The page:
Once, long ago and far away, Niall was hunting with his four half-brothers, all sons of Eochaid Mugmedón, High King of Ireland.They had set up camp in a glade when they realized they had no water. So one by one his brothers went in search of water, but each came back harrowed and shaken. Finally, Nial said he would go. In this way he came upon a well of bright and shining stone, upwelling with lustrous water. But between him and the well was a bluish Hag of horrific aspect. Her teeth were like green sickles and her claws like grey scythes. Her knees and elbows were black and her hair was like bracken in winter.When he asked to approach the well for water, she said, “You may have as much water as you like, young prince, but first you must kiss me; even as your kindred could not.”Niall, at first was silent, then braced himself and said, “I’ll give you kiss, and more. I will lie with you.”

He sank down to the grass with her, steeling himself to fulfill his word.

But, with their limbs entwined, all of a sudden, all had changed. There with him was not a hag, but a beautiful maiden with golden hair and fair white form.

Looking into his eyes, she said to him, “And so you have seen me: at first fearsome, wolfish, terrifying, and at last beautiful. This is Sovereignty: for it is not attained without battle and conflict; but at last it is fair and gracious to everyone.”

Not long after, Niall became High King of Ireland and founded the Uí Néill dynasty, which would dominateIrelandfor the next 6 centuries. Included in this illustrious line would be Diarmait Mac Cerbaill, who ruled from 545-568; the last pagan high king ofIreland.

Other tales of Sovereignty goddesses, whether or not they bear this changing ‘loathly lady’ motif, emphasis the need for the king to be virtuous lest she abandon him for another more suitable candidate.

I think this story can help us make sense of the Cailleach, in all her ambiguity, paradox, change, treacherousness, generosity, and unknowable-ness. And, while we have barely scratched the surface of all the lore associated with her, I hope it gives some sense of her importance. To me, even this little bit speaks of her as an embodiment of the world itself. Like living in general, and hard times in particular, she brings us face to face with the basic facts of life and our finite nature; asking us to exceed who we have been. As all primordial or natural phenomena, she is a tremendous, amoral power, who nonetheless demands a moral response. Perhaps the Cailleach personifies existence itself, not as we perceive it, but as it really is – summoning us, in return, to become who we really are.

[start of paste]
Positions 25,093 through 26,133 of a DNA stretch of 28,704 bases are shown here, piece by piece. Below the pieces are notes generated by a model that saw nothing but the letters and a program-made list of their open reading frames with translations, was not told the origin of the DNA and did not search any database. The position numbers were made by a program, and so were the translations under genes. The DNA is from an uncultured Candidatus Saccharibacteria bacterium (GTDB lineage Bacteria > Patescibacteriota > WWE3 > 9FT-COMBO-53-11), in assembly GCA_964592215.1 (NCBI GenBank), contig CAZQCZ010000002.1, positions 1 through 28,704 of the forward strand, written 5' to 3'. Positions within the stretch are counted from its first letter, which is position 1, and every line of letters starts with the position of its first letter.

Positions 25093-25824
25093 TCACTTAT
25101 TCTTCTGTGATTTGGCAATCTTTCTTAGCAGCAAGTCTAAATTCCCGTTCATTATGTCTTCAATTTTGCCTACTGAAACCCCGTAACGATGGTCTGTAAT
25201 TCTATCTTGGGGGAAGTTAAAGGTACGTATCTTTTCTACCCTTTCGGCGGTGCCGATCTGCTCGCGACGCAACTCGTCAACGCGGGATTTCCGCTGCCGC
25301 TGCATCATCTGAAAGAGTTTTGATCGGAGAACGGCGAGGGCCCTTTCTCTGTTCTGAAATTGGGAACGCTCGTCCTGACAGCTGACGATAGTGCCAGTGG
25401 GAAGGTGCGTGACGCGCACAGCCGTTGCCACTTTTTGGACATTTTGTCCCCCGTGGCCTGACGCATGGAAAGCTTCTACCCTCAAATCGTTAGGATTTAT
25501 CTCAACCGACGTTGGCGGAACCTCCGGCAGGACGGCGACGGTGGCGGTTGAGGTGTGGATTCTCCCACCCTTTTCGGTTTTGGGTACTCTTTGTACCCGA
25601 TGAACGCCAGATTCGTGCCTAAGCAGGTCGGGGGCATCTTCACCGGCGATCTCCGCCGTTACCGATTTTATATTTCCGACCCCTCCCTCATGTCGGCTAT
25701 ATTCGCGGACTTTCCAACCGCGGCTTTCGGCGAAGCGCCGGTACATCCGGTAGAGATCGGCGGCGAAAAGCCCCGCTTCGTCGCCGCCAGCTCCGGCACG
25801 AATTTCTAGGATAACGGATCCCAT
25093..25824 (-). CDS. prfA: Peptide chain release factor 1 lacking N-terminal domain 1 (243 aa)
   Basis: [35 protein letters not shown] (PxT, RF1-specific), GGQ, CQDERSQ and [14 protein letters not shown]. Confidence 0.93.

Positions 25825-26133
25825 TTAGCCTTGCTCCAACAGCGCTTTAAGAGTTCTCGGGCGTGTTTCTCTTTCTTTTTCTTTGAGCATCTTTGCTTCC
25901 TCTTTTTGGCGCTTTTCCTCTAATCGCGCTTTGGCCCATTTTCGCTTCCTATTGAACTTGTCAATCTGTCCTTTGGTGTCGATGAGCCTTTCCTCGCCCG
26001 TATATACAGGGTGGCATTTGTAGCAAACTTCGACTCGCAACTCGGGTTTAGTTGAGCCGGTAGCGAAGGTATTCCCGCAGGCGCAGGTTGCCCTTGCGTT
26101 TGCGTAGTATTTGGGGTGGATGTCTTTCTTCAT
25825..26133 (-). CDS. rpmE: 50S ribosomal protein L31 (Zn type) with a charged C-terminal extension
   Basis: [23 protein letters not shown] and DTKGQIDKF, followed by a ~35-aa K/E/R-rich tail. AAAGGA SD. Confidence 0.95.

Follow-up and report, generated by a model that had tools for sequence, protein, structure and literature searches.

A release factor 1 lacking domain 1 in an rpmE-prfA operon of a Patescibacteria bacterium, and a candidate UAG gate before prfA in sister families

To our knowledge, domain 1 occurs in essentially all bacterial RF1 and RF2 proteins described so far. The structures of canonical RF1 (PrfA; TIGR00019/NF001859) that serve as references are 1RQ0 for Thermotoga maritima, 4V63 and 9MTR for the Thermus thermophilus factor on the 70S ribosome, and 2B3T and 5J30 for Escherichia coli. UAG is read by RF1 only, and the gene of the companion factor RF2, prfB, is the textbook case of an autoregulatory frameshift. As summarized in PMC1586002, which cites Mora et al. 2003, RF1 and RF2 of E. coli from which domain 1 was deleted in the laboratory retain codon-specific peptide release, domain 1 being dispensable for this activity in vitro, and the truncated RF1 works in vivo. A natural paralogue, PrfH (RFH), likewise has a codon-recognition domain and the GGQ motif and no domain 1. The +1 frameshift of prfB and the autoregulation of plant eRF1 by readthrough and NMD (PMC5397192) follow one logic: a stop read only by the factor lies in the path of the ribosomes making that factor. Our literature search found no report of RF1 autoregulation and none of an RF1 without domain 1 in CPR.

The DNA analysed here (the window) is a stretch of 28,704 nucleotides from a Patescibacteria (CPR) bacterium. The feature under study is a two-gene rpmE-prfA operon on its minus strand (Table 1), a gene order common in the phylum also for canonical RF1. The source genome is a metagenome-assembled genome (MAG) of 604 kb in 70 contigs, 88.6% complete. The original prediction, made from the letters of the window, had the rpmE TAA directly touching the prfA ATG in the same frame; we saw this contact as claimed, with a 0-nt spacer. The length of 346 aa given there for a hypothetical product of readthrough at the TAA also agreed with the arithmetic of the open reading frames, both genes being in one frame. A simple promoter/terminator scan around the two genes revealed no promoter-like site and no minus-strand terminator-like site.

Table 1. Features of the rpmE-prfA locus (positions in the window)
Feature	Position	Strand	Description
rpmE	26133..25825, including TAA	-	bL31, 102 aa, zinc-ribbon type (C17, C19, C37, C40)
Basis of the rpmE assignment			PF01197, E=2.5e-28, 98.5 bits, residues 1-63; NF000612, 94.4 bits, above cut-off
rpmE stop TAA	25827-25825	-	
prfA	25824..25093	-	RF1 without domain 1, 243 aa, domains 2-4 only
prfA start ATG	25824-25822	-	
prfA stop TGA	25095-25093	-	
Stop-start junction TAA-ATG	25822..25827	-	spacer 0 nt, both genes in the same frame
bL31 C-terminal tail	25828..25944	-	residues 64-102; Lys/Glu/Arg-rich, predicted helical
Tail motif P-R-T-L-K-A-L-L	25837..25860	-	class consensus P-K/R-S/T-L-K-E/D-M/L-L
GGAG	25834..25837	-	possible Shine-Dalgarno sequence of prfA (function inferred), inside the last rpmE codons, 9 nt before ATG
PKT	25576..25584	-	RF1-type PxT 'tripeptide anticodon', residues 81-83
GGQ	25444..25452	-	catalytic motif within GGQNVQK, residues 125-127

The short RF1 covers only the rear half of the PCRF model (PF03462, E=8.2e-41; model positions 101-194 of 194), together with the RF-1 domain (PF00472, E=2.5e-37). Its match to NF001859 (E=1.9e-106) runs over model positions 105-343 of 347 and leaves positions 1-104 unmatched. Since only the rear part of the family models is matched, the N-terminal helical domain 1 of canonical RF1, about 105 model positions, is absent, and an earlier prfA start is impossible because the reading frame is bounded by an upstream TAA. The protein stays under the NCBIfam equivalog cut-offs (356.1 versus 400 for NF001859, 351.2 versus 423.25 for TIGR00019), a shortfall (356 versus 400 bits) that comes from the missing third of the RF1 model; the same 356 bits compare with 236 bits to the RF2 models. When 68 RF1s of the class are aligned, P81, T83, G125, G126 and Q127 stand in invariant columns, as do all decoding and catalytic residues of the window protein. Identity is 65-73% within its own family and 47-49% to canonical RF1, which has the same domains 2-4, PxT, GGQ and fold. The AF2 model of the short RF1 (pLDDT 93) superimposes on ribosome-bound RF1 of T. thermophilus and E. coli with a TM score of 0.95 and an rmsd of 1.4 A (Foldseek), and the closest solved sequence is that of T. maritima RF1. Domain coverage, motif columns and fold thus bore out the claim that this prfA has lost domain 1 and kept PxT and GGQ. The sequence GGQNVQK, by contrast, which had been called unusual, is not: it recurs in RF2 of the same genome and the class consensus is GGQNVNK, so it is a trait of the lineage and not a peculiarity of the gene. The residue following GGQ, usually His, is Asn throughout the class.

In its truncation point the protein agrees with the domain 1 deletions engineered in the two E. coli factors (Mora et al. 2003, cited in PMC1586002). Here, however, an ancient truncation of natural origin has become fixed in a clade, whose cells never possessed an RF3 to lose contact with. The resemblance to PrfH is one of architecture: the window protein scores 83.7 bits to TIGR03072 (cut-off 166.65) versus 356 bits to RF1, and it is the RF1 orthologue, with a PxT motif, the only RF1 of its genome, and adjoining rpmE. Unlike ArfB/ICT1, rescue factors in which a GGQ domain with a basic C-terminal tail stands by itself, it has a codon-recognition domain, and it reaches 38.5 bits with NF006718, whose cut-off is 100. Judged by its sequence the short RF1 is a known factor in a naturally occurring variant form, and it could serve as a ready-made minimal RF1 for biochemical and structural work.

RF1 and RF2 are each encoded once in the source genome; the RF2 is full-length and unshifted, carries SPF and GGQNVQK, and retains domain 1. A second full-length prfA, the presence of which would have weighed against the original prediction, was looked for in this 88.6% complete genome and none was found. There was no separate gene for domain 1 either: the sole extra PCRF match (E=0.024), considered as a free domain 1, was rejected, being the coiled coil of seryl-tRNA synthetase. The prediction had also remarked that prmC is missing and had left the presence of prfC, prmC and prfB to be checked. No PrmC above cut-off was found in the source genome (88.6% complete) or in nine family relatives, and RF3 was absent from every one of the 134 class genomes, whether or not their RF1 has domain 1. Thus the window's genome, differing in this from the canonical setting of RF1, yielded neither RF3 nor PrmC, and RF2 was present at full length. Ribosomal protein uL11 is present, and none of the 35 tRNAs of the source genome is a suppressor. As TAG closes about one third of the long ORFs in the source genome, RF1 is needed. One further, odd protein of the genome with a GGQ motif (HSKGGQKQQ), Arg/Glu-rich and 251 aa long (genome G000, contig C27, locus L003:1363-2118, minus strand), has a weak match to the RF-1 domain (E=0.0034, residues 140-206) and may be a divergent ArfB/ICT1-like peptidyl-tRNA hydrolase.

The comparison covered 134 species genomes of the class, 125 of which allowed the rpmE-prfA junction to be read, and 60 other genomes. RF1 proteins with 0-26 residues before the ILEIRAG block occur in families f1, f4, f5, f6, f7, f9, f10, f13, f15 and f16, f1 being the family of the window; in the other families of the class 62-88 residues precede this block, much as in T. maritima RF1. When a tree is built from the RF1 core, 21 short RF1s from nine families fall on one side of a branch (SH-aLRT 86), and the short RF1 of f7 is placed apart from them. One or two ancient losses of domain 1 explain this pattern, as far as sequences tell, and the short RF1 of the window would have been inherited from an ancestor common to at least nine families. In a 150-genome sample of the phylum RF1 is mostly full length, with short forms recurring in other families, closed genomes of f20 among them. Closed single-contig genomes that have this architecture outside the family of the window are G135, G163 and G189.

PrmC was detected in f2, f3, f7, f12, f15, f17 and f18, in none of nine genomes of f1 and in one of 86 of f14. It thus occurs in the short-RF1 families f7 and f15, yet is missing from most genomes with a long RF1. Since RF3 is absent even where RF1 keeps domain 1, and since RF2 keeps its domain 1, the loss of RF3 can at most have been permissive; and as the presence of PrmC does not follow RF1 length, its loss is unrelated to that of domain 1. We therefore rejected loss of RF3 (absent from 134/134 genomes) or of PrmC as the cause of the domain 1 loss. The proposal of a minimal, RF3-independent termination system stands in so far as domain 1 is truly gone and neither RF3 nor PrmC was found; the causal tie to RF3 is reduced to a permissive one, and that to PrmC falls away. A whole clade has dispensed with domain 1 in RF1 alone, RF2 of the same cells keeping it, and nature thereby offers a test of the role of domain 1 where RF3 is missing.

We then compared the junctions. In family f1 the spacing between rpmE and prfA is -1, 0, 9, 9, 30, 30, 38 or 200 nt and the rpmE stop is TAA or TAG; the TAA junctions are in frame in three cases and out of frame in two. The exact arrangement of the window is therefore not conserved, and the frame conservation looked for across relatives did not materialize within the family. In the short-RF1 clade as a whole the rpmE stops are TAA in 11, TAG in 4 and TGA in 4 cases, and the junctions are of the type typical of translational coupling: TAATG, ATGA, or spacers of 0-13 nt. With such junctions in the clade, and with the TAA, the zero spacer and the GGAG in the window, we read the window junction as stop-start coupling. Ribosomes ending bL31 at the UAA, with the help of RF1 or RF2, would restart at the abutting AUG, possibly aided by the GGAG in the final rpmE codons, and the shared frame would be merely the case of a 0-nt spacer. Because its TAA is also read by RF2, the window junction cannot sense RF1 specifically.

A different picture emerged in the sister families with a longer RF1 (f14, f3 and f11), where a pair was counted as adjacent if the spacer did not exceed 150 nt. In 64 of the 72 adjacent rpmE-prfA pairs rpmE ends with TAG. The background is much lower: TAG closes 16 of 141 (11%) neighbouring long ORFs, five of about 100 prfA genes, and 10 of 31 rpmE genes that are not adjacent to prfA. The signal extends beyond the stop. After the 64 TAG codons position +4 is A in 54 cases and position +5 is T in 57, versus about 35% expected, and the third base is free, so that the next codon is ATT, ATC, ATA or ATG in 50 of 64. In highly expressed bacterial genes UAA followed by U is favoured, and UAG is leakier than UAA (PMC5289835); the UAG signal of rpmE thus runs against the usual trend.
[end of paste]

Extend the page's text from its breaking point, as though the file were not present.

Some further reading:


  1. […] is a short Film in honour of Latha na Cailliche (March […]

  2. Very interesting! The themes explored here tend to be more relevant to the Scottish Cailleach than to her (various) Irish counterparts – my particular interest is in Baoi, from the Beara Peninsula – but it’s fascinating to explore the overlaps and cross-sections between these sovereignty figures.

  3. […] Latha na Cailiche- Brian Walsh […]

  4. […] March 25 – Latha na Cailliche: While the festival is Scottish in origin there is no reason why followers of Gentlidecht can’t also make offerings to her as she is found in Ireland as Cailleach Beara.  Being a goddess associated with the winter and storms it may not be a bad idea. Brian Walsh goes into some detail on his blog. […]